There Can Be Only One

Monday 16th September 2013. C-Day. College Day. We had had the whole weekend to pack but there were still some last-minute additions to the bags: a 4″ figure of David Tennant as Dr Who, an empty bubble bath container in the shape of The Stig from Top Gear, Harry’s nightlight. We were all quiet and a little subdued. Grandma told me that she’d had a chat with him that morning and Harry didn’t really understand what was happening and that just made everything worse.

We set off at 8am, dropping Harry’s sister at school on the way. I had to remind her to say goodbye to her brother because she wouldn’t be seeing him for five weeks. Typical teenagers’ forgetfulness. And then it was just the three of us. We left Yorkshire in glorious sunshine, encountering showers and then more sunshine as we neared college. A perfect metaphor for the day: sunshine & showers; bitter-sweet.

A knot the size of a grapefruit formed in my stomach (and it wasn’t the bacon sandwich eaten half-heartedly at the motorway service station). Time to act: put on a smile, adopt positive body-language and come up with cheery chat. Having registered our arrival we joined the human conveyor-belt of interviews with various members of staff.

Travel

The travel co-ordinator asked about our plans for half-terms and holidays. “It is college policy to promote the independence of students and wherever possible we encourage students to make use of the transport services provided by us.” Harry could travel home by coach or train with groups of other students accompanied by staff as far as Manchester. We decided this was an aspect of independent travel training we would like to work towards but felt that October was too soon and elected to go and collect him instead. We got the impression this was a rarity. Not for the first time I felt like I was being an over-protective parent. I made a mental note to download the application forms for a Disabled Persons Railcard.

Health

Next it was on to the college nurse. All her questions were directed at Harry but he was unable to answer the majority of them. He was able to acknowledge that his address was correct but not his date of birth. And he often forgets how old he is. We handed over Harry’s proof of NHS prescription charge exemption (a copy of his HC2 Certificate for full help with health costs) and a form agreeing to him being given an anaesthetic if necessary. We explained that Harry’s ear infection had recurred over the weekend (great timing) and that he would need help administering the prescription spray. We tried to remember the numerous minor operations he had as a child. I gave her the Occupational Therapy report produced after Harry had left school and far too late to be included in the LDA.

Harry went off with the medical staff to be weighed and measured: 5′ 10″, 9st 2lbs, BP 124/77. No medications, no allergies, no dietary conditions. “An easy one!”

Education

Our next stop was with the curriculum co-ordinator. He took Harry’s photo (not a good one, H refusing to look at the camera directly) and spent more time discussing how student photos might be used in promotional material than in Harry’s timetable. He hadn’t received the form which showed that Harry’s preference was for vocational modules in Hospitality and Retail and so had produced a timetable which took in H&R but also aspects of Land Based Studies (Practical Skills and Horticulture), Catering Studies and Arts, Media & Business Studies. I panicked a bit because Harry has an aversion to getting dirty and doesn’t like animals other than our own pets. But it’s only for a couple of weeks until Harry’s skills and preferences can be determined. And ultimately one area of study has to be picked because “study programmes are being introduced by the DfE from September 2013. The programmes will form part of the curriculum offer. The aim is to maximise the potential of young people to progress in education or employment.” (College literature)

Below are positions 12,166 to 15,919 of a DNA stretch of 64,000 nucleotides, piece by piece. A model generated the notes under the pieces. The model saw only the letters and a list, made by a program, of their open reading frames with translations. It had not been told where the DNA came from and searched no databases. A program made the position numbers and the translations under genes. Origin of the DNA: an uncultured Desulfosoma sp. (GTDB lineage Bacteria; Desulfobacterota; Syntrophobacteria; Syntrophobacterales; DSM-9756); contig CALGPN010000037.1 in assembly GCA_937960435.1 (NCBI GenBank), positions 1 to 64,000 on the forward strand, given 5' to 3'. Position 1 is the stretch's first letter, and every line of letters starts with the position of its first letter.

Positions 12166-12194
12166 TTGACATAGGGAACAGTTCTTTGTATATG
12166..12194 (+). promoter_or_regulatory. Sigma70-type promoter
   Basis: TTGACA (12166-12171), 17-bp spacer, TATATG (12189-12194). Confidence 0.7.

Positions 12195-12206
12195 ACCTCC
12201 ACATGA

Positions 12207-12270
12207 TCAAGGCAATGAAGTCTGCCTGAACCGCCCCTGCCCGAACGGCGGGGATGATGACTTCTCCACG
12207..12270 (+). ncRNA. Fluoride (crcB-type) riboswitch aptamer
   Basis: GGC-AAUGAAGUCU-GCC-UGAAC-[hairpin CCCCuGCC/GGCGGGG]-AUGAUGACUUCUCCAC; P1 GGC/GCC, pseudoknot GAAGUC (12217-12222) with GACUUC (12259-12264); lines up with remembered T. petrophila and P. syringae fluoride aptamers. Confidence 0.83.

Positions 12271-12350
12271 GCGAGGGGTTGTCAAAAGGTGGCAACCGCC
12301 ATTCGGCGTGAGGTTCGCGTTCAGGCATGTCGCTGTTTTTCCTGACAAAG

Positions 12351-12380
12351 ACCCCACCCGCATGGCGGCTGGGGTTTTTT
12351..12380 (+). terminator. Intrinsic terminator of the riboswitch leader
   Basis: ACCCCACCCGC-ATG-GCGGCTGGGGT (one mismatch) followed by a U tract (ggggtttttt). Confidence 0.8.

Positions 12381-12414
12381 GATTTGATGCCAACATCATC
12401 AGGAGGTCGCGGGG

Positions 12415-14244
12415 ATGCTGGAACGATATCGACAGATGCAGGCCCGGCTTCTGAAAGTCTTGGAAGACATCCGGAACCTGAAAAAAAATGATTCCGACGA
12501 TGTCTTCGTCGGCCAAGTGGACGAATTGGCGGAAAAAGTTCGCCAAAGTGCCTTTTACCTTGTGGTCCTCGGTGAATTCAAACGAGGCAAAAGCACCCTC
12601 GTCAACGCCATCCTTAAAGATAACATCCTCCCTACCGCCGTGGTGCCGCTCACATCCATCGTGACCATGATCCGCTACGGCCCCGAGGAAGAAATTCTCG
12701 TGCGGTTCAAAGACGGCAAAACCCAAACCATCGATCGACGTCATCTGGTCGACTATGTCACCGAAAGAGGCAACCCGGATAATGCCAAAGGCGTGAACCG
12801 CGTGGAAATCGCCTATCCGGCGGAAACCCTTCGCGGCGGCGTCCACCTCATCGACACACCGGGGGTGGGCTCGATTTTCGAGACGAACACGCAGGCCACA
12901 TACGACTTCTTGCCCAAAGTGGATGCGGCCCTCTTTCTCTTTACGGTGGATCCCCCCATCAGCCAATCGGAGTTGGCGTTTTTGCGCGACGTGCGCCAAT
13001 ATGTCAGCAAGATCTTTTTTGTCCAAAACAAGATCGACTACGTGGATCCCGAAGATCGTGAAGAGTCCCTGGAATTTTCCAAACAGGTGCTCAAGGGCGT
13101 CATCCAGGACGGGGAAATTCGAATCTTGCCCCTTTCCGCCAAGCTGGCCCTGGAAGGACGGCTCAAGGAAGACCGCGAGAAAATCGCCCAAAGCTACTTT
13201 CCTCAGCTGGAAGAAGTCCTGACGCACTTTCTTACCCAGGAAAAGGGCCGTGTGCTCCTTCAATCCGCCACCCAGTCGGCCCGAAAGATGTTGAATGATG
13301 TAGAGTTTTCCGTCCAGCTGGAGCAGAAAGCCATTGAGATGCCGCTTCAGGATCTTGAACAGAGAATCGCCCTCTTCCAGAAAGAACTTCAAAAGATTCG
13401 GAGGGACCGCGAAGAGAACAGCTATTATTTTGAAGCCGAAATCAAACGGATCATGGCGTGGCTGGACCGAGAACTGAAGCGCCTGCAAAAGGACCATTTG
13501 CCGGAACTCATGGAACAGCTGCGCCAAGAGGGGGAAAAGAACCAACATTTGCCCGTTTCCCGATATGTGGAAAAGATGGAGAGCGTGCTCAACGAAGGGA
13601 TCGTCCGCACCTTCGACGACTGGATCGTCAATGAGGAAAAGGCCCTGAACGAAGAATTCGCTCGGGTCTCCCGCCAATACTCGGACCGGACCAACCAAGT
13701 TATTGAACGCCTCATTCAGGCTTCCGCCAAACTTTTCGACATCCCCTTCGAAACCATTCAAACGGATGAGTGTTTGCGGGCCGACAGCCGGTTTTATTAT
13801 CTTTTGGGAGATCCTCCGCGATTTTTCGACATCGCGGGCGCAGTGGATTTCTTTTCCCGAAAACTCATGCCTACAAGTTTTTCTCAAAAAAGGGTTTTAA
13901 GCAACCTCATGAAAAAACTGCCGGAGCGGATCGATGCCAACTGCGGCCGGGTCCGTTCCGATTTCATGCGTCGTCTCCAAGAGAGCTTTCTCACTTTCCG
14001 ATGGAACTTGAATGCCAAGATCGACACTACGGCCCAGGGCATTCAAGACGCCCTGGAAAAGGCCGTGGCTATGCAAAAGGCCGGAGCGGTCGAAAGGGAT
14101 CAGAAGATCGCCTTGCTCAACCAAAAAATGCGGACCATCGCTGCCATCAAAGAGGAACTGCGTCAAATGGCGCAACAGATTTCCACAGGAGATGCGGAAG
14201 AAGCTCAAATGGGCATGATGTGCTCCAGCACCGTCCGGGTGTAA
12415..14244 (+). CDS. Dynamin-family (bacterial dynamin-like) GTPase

Social Life

He double-checked which sports and social activities Harry wanted to include in his timetable: darts, football (H not sure), gym (not sure), horseriding (limited availability), swimming (H isn’t keen but dad thought it was a good idea and had packed his swimming trunks). From the list available I can imagine he would love Out & About Xtra Club (Monday 5.15-7.15pm), Music Club (Tuesday 5.15-6.15pm), Drama & Karaoke Club (Wednesday 5.30-6.30pm), Disco (Wednesday & Saturday) and Walking Club (every other Sunday 2-4pm). But will he be made aware that they are available?

Speech and Language Therapy

The therapist explained that at one time she would have seen every college student. Due to cutbacks she can now see only those students who have SaLT indicated in their assessments. She didn’t have a report from Harry’s SaLT at school because they hadn’t produced one. He had only been getting input during his last year at school but I am glad that I persevered in pushing for it to resume since it will undoubtedly help him. I promised to send her his last report from 2009, along with a report from his class teachers in 2012 so that she would at least have something.

Finance

Here we handed over Harry’s medical card and a form allowing him to be registered with the college doctor. They needed his Unique Learner/Pupil Number which I found on one of his SEN Review reports. And his NI number. They needed to know which benefits the student receives. And if your child is taking their own TV to college they need a TV licence. We decided it would be better for H to watch TV in the communal lounge: more chance of socialising that way.